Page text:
The author is a guitarist and bassist with over 35 years of experience as a musician.
The Peavey Vypyr
When I heard that Peavey replaced their Vypyr guitar amp line with the Peavey Vypyr VIP series I was a little depressed. I love my Vypyr 15 practice amp, and I was even looking forward to getting a bigger version sometime down the road. I couldn’t imagine why Peavey would want to mess with such a great amp.
For whatever reason, Peavey decided they had to mess with the Vypyr. What they ended up with is a trio of amps that are a lot like the original Vypyrs, and then again really not. The VIPs are ground-breaking amps, and it’s fair to say they’re unlike anything else out there.
Will they stand the test of time? It's been a few years, and so far so good. Peavey is one of the best guitar amp builders in the world, and this is a pretty innovative idea.
Maybe the more important question is: Are these amps as good as the original Vypyrs? The originals were affordable, versatile and they sounded fantastic.
When I spotted one in Guitar Center I decided to find out.
A Different Kind of Vypyr
The current generation of Vypyr amps has a different look than the black-fanged motif of the originals. They’re cleaner, more modern and maybe a little more serious. There are three models: The 20-watt VIP 1 (1x8), the 40-watt VIP 2 and the 100-watt VIP 3 (both1x12).
As you can guess, each of these amps is geared toward a different kind of player with different goals.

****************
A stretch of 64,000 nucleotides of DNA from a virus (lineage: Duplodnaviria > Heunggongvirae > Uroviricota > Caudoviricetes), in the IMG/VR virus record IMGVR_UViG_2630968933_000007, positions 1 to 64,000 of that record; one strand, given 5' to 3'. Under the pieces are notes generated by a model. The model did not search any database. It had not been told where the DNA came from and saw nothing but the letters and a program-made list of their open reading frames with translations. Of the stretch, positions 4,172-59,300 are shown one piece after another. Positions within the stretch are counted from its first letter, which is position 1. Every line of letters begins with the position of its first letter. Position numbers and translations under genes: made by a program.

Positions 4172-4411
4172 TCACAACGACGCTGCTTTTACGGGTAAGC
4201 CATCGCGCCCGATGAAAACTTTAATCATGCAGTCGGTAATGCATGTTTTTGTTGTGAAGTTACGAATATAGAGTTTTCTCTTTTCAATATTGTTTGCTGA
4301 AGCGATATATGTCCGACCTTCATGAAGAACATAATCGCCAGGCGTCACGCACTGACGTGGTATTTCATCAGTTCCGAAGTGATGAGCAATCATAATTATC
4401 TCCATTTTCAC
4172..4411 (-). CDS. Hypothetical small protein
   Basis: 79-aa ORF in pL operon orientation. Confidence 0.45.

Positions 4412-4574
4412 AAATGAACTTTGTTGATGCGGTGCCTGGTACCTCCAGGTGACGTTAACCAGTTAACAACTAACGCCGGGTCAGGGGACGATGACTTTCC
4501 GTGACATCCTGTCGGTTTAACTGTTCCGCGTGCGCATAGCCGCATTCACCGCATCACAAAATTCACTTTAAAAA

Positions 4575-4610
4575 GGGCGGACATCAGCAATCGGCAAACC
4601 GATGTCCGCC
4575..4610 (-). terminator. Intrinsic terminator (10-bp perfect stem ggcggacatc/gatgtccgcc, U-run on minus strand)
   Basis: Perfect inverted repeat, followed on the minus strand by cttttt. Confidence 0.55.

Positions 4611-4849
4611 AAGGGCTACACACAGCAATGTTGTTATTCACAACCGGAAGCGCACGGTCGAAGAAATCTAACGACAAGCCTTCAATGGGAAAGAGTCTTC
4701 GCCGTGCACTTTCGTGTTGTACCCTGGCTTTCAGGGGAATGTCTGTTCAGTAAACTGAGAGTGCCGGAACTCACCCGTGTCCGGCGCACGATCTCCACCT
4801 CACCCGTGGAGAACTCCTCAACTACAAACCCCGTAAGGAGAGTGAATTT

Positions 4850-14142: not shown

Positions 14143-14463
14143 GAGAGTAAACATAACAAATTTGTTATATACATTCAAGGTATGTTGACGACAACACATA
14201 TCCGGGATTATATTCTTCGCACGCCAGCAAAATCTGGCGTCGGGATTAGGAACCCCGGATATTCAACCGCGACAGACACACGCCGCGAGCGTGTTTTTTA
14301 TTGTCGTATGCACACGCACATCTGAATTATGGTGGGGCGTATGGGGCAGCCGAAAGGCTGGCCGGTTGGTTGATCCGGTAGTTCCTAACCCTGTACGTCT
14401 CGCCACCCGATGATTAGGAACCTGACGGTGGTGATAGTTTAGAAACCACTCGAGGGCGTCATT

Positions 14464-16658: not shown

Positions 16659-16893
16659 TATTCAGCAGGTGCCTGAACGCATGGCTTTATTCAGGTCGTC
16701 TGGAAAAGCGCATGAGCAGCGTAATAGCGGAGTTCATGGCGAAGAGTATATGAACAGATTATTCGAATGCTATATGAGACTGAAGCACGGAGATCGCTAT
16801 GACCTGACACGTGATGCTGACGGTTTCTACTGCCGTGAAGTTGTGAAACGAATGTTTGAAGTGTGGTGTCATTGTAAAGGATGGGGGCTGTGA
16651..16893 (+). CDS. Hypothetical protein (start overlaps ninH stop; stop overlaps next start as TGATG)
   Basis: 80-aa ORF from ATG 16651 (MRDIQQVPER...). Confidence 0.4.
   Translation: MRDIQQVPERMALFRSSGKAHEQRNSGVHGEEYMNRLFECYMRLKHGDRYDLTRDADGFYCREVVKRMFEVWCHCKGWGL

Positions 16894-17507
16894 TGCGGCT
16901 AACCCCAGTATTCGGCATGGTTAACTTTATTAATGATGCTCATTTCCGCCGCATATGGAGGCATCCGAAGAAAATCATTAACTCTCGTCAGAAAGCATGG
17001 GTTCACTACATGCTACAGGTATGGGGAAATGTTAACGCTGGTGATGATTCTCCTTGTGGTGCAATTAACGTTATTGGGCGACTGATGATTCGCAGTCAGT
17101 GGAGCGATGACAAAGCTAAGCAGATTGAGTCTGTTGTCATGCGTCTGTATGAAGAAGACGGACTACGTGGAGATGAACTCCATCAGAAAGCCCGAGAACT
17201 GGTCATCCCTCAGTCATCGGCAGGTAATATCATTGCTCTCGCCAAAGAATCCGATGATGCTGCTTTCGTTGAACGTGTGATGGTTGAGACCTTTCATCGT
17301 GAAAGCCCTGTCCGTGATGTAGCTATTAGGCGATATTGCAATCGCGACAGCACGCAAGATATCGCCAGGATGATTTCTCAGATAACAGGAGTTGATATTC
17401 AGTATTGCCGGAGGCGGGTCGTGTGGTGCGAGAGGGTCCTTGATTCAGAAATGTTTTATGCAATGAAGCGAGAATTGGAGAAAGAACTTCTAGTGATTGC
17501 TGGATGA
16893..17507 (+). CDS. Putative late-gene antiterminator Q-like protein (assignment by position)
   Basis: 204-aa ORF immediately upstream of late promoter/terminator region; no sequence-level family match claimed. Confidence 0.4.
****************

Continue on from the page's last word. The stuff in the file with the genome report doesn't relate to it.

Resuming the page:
- The Vypyr VIP 1 is an outstanding practice amp with powerful effects and amp models. It's affordable enough for beginners, but veterans looking for a small amp for home use will appreciate it as well.
- The Vypyr VIP 3 built for the stage, and perfect for gigging musicians who need to cop a bunch of different tones during a gig. Working pros can haul this amp to a club and not have to worry about cases of pedals and cables.
- The Vypyr VIP 2 is, in my opinion, the best choice for most players. This amp is somewhere in between the 1 and the 2, and a great choice for guitarists who want a flexible, feature-packed amp for jamming at home or in a lower-volume rehearsal situation. If you just want something that sounds good and you don't care about power, the VIP 2 may be the way to go.
Like the original Vypyrs, these amps employ Peavey’s WYSIWYG system, making adjustments to models and effects a snap. They also use Peavey's patented TransTube technology instead of digital distortion, which is a huge plus in my book.
But don’t go thinking these are just remakes of the originals, because these amps have a couple of tricks up their sleeves.
Peavey Vypyr VIP Series Features
The new VIPs aren’t only for electric guitar but also built for bass and acoustic guitar. VIP stands for Variable Instrument Performance. They are three amps in one, essentially, and feature amps models for all three instruments.
Even cooler, you can emulate other instruments. So, even if you don’t play bass, you can emulate one with your guitar. You can also emulate violin, mandolin, baritone, 12-string, a 7-string among other instruments. This is a powerful effects package, one you'd expect to see in a more advanced processor.
This is a neat idea, and it definitely takes the modeling thing to another level. However, I was a little put off to it at first. Even though I play both guitar and bass, I guess I’m a bit of a purist. I have my bass amps and my guitar amps, and I don’t need any new-fangled machines to mix the two together.
But, the more I think about it, it sure would be nice to replace two amps with one. If the Peavey Vypyr VIP series passes the sound test, that is.
More on the VIP Series
Peavey VIP Sound
I tried the smaller version, the VIP 1 because I thought it best compared to my Vypyr 15. I consider the Vypyr a good-sounding amp for what it is: a 15-watt practice amp with an 8-inch speaker. The VIP 1 met and exceeded my expectations.
I was particularly surprised at how deep it sounded for such a small amp. At Guitar Center, they have all the combo amps recessed in little cavities with sound baffling.